As of Monday, newly hired political science professor Emily Schnurr, had yet to fully move into her new office. A few books and a Hamilton poster occupied the barren shelves, and four computer monitors in various states of packaging rested around the room. A member of the Information-Technology department fussed with a cable behind her desk, as she settled into her chair.
“It’s more real than real,” she said, gesturing at the high-resolution picture of a sand dune on both her new monitors.
Schnurr was born in Winterset, Iowa. She attended the University of Northern Iowa for undergraduate degree, where she double-majored in psychology and political science. She spent a year in Montana with the AmeriCorps, assisting with a parent-teacher home visit program on a Native American reservation.
“Peoria’s the largest place that I’ve ever lived,” Schnurr said. “There’s a skyline!”
She received her Ph.D in political science this May from Northern Arizona University. For her thesis, she examined the top two primary composition in Washington State and measured whether or not elections were getting more competitive using voter turnout and campaign finance.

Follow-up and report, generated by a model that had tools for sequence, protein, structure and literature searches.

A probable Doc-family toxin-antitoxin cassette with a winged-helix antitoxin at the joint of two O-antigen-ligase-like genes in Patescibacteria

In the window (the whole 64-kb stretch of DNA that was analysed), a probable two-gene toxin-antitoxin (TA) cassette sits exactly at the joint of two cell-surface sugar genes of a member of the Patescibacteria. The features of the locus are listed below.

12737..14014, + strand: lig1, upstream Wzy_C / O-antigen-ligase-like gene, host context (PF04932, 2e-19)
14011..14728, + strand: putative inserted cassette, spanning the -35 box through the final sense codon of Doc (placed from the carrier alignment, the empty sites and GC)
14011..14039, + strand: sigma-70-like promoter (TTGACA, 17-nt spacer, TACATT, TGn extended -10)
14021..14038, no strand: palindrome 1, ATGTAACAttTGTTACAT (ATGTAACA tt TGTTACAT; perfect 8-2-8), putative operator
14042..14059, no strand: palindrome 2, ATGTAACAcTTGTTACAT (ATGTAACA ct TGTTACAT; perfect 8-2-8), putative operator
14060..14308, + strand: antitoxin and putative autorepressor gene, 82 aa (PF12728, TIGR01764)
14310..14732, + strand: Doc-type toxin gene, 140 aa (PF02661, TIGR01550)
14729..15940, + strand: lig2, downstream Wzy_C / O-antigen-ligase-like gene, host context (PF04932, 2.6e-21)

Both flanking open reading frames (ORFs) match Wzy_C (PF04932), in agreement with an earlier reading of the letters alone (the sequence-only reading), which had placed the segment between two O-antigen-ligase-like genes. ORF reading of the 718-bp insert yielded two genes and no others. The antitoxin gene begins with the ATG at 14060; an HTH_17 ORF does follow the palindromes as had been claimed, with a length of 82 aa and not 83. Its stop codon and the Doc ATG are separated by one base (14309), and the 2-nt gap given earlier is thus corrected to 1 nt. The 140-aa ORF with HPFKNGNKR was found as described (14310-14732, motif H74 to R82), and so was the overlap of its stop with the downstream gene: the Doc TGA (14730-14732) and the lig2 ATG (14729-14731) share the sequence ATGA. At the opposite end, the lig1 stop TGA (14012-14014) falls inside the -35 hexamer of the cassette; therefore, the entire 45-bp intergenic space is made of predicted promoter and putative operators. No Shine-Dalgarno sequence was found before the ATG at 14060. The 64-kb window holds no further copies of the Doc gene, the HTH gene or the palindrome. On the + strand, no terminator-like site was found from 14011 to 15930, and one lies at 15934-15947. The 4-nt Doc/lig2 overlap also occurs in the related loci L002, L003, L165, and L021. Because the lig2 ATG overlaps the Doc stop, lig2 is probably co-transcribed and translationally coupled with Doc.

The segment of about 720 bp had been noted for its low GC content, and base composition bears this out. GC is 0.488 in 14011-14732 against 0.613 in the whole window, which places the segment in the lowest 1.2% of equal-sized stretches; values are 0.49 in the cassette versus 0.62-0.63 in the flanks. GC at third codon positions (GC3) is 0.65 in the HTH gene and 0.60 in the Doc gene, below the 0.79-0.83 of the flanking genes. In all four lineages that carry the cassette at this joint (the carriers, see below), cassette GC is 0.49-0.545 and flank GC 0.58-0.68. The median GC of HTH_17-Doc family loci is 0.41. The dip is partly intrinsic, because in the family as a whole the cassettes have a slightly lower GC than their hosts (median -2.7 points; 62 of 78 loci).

Bradley appealed to Schnurr because of its location, opportunities and size.
“It’s a close campus. I’ve always gone to bigger state schools, and it’s been really nice to [see] what the private school benefits are about,” Schnurr said.
She said she is getting along nicely with her new colleagues and students.
“Everyone’s been really nice,” she said. “[But] give it another couple of months and we’ll all be fighting.”
Sophomore political science major Margaux Gray-Army said she enjoys Schnurr’s teaching style.
“She is very excited and knowledgeable about the topics discussed in class, which always makes the class interesting and fun,” Gray-Army said.
Schnurr enjoys running, cooking- particularly Asian food- and playing video games. She also likes to travel and is attempting to visit all 50 states; so far, she has been to 37. She also enjoys watching reality television.
“Really bad reality TV,” she said. “I’m in pretty deep in ‘Married at First Sight’ right now … I’m a serious academic person.”
Schnurr is currently teaching two sections of Introduction to American Government and one section of Women in Politics.
“I went in as a psychology major,” Schnurr said, “And then I took Intro to American Politics, and I remember very distinctly, within the first three or four days of class, going ‘Oh, this explains the world to me in a way that is so intensely satisfying.’”
Schnurr said she enjoys the opportunity to draw in new political science majors.
“I like to look out into the faces [of students] and see the ‘mind blown’ thing,” she said. “That’s fun.”